Stories from the Stringam Family Ranches of Southern Alberta

From the 50s and 60s to today . . .



Wednesday, January 22, 2014

Let Them Eat Corn

I can only dream . . .
I’ve never been able to grow corn.
The planets are aligned against it.
Why am I thinking of this in the middle of winter?
Because it’s the middle of winter.
Moving on . . .
For over thirty years, I’ve kept a garden.
Oh, it has changed in that time.
Mostly gotten smaller.
For many, many of those years, I attempted to grow corn.
Corn-on-the-cob just says summer to me.
Most of the time, my tidy little corn plants merely peeked above ground.
Sighed.
And died.
Twice, they grew to maturity.
Developed ears, even.
And then . . .
Well, let me tell you about it.
I had a large garden behind our mobile home just outside of Orton, Alberta. (Near Fort MacLeod)
It was growing beautifully.
The weather had cooperated.
The rains had come when they were needed.
Plenty of sun.
For the first time, ever, I had mature corn plants.
Nearly ready to harvest mature corn plants.
Then, one sunny, but slightly breezy day, the county sprayer drove by.
Spraying the ditches.
For weeds.
Now, if there is any wind, the county sprayers are supposed to be cautious. Not spray near homesteads. Avoid people.
This sprayer . . . wasn’t.
Cautious, that it.
And the next day, I walked out into my garden and noticed that everything looked . . . wilted.
My first thought was frost.
Okay, it was July, the only month of the year when frost is . . . uncommon.
Then I remembered the sprayer.
Long story short – the weed-killer had lived up to its name.
My garden – and my beautiful corn – was dead.
Sigh.
A couple of years later, in a different small house and with a different garden patch, I again saw my efforts to grow corn rewarded.
Saw ears develop.
And then . . . grasshoppers.
In 1983, in Southern Alberta, we had a ‘plague of locusts’. A real plague – look it up. They were so numerous that cars were known to slip in the tide that constantly flowed across the roads. They devoured crops and hay.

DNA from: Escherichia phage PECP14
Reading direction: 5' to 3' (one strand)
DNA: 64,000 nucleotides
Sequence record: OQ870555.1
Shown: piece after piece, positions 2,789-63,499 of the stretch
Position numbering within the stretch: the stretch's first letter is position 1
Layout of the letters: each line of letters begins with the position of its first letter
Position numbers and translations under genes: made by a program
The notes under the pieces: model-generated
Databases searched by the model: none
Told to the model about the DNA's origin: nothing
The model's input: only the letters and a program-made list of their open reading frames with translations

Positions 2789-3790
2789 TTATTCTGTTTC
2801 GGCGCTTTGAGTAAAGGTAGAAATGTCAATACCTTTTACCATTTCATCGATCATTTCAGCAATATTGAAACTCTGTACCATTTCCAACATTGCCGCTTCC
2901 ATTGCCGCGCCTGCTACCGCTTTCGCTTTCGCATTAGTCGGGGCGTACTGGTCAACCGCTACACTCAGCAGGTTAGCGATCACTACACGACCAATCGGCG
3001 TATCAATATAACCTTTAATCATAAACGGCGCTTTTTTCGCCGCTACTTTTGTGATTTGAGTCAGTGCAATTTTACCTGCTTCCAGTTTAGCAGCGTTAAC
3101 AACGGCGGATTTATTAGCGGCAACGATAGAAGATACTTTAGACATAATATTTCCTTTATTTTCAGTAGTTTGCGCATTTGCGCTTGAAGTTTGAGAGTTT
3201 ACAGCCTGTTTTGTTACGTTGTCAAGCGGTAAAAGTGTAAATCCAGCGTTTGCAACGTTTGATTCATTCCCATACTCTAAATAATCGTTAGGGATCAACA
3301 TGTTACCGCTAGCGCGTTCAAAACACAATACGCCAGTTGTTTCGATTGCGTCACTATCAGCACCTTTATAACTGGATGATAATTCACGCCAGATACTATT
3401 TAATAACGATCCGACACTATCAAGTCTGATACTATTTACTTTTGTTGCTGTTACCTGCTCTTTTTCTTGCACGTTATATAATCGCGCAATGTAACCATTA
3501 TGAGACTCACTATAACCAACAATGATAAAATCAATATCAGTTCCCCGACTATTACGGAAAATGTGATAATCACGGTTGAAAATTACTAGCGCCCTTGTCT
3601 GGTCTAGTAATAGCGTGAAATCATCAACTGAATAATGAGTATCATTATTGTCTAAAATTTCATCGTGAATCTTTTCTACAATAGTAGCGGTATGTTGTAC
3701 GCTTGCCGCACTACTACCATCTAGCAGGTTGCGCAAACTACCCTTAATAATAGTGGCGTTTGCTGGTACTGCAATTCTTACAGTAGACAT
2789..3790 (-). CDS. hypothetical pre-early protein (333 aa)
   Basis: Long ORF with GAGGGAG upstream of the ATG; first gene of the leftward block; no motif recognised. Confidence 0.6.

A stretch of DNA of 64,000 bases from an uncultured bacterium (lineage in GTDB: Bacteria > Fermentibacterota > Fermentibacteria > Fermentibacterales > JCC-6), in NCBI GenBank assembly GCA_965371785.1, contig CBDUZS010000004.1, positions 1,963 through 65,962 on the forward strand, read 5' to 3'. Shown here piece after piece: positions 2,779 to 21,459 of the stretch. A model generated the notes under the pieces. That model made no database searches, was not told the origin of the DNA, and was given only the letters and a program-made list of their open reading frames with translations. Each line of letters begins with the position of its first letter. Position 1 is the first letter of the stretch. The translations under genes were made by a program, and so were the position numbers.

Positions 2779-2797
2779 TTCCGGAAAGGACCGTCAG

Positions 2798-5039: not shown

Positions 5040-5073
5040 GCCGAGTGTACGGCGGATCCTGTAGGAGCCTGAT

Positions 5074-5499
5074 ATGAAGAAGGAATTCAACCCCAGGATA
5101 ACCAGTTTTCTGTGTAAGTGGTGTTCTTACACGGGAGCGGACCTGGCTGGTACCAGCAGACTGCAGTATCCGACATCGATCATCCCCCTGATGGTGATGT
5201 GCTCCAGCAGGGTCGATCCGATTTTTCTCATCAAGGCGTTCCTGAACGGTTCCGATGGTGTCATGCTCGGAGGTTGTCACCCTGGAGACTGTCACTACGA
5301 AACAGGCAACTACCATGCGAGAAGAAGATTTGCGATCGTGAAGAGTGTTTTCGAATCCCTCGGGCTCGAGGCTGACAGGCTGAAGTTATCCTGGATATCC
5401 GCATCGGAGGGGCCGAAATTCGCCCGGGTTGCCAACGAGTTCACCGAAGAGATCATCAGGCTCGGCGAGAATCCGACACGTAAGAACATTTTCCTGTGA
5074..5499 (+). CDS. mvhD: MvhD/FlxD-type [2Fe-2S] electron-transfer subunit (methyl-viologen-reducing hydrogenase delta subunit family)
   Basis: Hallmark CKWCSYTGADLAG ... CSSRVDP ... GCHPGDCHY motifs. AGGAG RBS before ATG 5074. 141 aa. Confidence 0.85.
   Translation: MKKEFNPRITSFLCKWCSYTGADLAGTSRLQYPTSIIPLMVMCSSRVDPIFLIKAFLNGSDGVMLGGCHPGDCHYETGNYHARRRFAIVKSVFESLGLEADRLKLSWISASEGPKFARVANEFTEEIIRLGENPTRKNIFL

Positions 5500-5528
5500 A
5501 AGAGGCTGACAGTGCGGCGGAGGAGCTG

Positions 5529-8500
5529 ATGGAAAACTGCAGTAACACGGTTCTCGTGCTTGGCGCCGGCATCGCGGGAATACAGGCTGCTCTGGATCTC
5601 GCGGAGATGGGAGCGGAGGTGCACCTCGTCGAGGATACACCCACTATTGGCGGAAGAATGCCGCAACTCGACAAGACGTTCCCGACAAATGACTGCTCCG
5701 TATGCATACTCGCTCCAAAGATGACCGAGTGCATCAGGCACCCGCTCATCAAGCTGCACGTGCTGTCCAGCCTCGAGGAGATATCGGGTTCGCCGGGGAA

And my corn. Drilled holes right through those babies.
Another sigh.
Oh, I didn’t give up.
I tried.
And tried.
And tried.
But never again did my corn amount to anything more than tall, attractive (earless) plants.
I still eat corn.
And corn-on-the-cob still shouts summer to me.
But, alas, someone else has to do the growing.
I will stick with the appreciating .
And devouring.
The two things I’m obviously best at.


16 comments:

  1. I'm really good at devouring, as well. Yum! And the farmers around here make growing it look so easy! Better luck to you next summer, if you attempt it again. :)

    ReplyDelete
    Replies
    1. I'm afraid my corn-growing days are done. My tomato-growing days, however . . .

      Delete
  2. I give you credit for trying to grow corn! The bears, woodchucks, deer or some other animal would eat ours up. But I do love corn!

    Nice post.

    ReplyDelete
    Replies
    1. Darn those pests! Yours are larger and furry. Mine, small and six-legged. Ick.

      Delete
  3. Interesting about corn and how some cultures don't go near it. We had a German immigrant working for us years ago and he called corn 'pig feed.'

    We live in the south so we've got copious amounts of 'Taber Corn.' Besides, we couldn't grow it in our garden because I've got a '42 Ford parked on it.

    ReplyDelete
    Replies
    1. Husby was told the same thing when he lived in France. Taber corn is world famous! So are '42 Fords. What sort of seeds did you plant to get yours?

      Delete
  4. Out our way the corn culprits are raccoons.

    ReplyDelete
    Replies
    1. They're headed our way, I'm told. Sigh.